Are Personal Guarantees the New Walking Dead? 5 Ways to Plan for the Apocalypse

We’ve all heard it. Experts are predicting that an army of zombie businesses are quietly marching towards the Australian economy in September when the government starts to reduce its support measures.

At Ledlin Lawyers we frequently act for suppliers to enforce their personal guarantees. And if companies are the zombies waiting at the bottom of the economic cliff, then the directors who own them and have given personal guarantees are the great walking dead.

A common feature of the onboarding process for many suppliers is a personal guarantee taken from an owner or director of the company customer. These personal guarantees can lie dormant for months and years on end until the company customer can’t (or won’t) pay any longer.

The time that we get involved is often when the raft of excuses come rolling in, too. “I never signed a personal guarantee” “I was never given that document.” “That’s not my signature, someone must have forged it.” “I didn’t guarantee the debt to your company, it was to someone else not listed in the guarantee.” “I’ve got no personal assets.”

That’s just on any normal given day. But what happens in September when suppliers have been patient and forgiving and supportive to their zombie customers for months, only to be faced with non-payment anyway? That’s when more and more of these personal guarantees will rise from the dead and come stumbling out of the coffins woodwork. It won’t just be a raft, but a torrent of excuses.

So how do you get ready for said torrent? Review the personal guarantees that you think are likely to be invoked later in the year and ask yourself these 5 questions:

1. Did You Notify the Guarantor?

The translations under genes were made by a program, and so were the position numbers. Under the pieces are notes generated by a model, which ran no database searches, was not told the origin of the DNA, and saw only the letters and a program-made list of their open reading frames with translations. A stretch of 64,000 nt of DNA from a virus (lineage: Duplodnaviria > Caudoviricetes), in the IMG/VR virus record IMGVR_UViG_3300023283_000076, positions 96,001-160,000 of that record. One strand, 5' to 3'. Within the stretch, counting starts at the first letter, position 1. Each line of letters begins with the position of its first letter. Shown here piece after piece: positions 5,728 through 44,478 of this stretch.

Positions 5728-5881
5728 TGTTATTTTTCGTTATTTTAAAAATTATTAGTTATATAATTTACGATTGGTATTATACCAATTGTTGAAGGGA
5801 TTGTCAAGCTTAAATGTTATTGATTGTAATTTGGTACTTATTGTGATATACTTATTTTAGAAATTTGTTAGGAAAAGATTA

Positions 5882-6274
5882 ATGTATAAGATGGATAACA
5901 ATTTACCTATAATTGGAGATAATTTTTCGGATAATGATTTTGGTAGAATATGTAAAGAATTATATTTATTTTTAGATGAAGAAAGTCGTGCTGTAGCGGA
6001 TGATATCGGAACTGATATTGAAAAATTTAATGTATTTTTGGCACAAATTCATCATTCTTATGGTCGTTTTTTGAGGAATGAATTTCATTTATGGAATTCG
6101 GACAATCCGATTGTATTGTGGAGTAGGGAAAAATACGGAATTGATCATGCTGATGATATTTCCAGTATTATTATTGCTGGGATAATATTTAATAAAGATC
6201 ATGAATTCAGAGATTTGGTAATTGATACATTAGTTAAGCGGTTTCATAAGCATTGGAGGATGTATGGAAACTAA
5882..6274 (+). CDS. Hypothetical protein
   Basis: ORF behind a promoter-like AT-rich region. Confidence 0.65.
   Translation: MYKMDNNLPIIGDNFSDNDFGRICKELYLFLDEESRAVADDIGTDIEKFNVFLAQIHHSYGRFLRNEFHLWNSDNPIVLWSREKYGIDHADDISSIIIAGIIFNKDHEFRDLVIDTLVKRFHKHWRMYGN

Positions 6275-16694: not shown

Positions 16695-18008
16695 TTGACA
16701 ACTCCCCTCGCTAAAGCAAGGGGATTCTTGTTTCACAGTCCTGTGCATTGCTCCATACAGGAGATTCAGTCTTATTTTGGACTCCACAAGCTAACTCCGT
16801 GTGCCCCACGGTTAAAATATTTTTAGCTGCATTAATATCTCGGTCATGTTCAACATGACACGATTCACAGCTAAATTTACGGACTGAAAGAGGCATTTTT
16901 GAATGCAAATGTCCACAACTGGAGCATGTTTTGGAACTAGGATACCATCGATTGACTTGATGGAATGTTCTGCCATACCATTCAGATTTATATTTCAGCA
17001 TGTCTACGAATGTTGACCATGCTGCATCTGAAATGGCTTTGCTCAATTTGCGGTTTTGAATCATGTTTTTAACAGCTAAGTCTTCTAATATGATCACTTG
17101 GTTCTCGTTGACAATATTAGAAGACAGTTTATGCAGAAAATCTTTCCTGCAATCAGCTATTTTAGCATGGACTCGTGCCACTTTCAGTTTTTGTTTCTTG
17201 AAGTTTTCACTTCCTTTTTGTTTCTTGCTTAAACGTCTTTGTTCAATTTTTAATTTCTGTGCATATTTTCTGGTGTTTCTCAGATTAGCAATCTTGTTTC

When you took the guarantee, did you notify your customer and the director/owner guarantor in writing? If not, there’s no better time to start. It might just help you overcome zombie excuse numero uno – “I don’t remember giving a personal guarantee” and “that’s not my signature.”

In the case of Northstate Carpet Mills Pty Ltd v B R Industries Pty Ltd [2006] NSWSC 1057, Young CJ noted that it is commonplace for commercial entities to cut corners in the name of cost reduction. In doing so, it is common for entities (in that case a finance company) not to send their customer or guarantor copies of completed contracts, thereby showing too little attention to the formation of the contract and jeopardising the validity of the personal guarantee.

We recommend that all our clients review their standard procedures for notifying Customers and Guarantors that the Credit Application and Guarantee has been accepted and the Account has been opened. Take care to write specifically to the Guarantor once the documents have been accepted. This is particularly important where the Guarantor is not involved in the day-to-day running of the business. Why not also consider sending separate copies of the Guarantees to the Guarantors at the same time as the “Welcome Aboard” letter to the Customer?

2. If you have a multiple company structure, are all the companies included?

Many suppliers will list their parent company and their subsidiaries as the entities that are taking the personal guarantee. But how long has it been since you looked at those? Has your business undergone any restructures or name changes in that time? Are all the entities listed that need to be? If not, your personal guarantees could be out of date.

For example, say you took a personal guarantee from a customer in the name of Machine Sales Pty Ltd in 2016. A few years later, the same customer starts trading with your subsidiary Machine Repair Pty Ltd, but it is not listed in your personal guarantee. The guarantee will not apply to the debts owed to your subsidiary.